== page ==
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See GivingDNA in action alongside your peers in fundraising. Tour the Platform on 5/26/21 @ 12pm CDT.

We recently got to host the Rogare Fundraising Thinktank’s Ian Macquillin and Dr. Adrian Sargeant for a webinar on their paramount research “Relationship Fundraising: where do we go from here?” One critical aspect of the relationship fundraising research that they unpacked was the term “donorcentrism.”

What is donorcentrism?

“Essentially, this is about placing the donor, or prospective supporter, at the heart of all your activities; planning and executing your fundraising according to what is most likely to
strengthen your relationship with them, according to their preferences, rather than what you, the fundraiser, may simply assume will be most beneficial for your charity.” -British charity fundraiser

Throughout the research process the Rogare team interviewed fundraisers from the United States and the United Kingdom. Their research revealed five aspects of a “donorcentric” fundraising approach.

1. Understand donors. One fundraising consultant called it being “the Director of Donor Experiences.” The mission of the development staff should be to understand their donors, to get inside the donor’s mind and enjoy being philanthropy guides and facilitators.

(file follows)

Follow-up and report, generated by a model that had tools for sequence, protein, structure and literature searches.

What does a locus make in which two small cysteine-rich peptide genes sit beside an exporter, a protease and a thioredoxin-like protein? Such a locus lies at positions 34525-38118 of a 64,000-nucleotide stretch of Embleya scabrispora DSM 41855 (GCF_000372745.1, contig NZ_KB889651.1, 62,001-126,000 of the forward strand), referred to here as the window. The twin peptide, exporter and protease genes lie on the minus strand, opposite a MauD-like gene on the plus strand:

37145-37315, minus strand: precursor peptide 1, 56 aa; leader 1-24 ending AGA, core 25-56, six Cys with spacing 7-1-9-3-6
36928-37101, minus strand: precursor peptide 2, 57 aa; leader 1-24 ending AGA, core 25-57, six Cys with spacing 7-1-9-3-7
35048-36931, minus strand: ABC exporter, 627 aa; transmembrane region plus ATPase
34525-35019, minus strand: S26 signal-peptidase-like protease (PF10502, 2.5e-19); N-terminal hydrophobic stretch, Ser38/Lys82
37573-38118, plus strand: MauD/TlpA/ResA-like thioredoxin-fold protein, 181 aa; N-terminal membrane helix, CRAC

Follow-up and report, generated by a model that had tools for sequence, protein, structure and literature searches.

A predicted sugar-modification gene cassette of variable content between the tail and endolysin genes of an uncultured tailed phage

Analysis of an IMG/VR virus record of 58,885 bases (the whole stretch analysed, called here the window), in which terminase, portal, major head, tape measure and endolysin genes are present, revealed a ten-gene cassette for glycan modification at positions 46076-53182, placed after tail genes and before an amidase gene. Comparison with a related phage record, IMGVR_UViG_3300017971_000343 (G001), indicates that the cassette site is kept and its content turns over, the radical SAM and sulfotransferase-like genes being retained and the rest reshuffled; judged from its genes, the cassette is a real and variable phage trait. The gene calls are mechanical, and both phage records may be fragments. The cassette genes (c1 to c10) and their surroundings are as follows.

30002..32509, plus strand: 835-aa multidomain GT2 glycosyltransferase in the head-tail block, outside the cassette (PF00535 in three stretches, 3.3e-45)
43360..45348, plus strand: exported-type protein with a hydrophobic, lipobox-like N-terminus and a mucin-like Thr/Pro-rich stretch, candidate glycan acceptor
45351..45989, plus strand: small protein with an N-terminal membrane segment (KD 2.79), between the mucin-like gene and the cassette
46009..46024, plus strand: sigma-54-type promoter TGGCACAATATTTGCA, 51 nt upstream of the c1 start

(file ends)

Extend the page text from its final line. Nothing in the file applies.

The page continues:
2. Connect them to a cause. Donors should be viewed as stakeholders in the organization and the outcomes you achieve together. Be bold in letting donors know that you need them and communicate why.

3. Focus on the cause, not the organization. Turn your conversation from ‘Our charity is awesome. We helped 100,000 children last year. Thank you for your help” to “You are awesome. You changed a child’s life last year. Would you like to change another child’s life today?”

“Effective fundraising is not about the organization’s excellence. It is about your donors, and what they can achieve through you.”

4. Build deeper relationships with donors. Identify donors who care about your organization or cause then work to deepen those relationships in a mutually beneficial way to increase philanthropic investments.

5. Develop ‘two-way’ communications. Donors must feel like their voices are heard. The donor view does not have to be seen as the right one but it is important that all staff and trustees go into a conversation with an open mind, ready to consider change.

A donorcentric fundraising approach puts the relationship with the donor above the donation. Is your fundraising approach donorcentric?

To learn more about donorcentrism and relationship fundraising download the entire relationship fundraising research report here.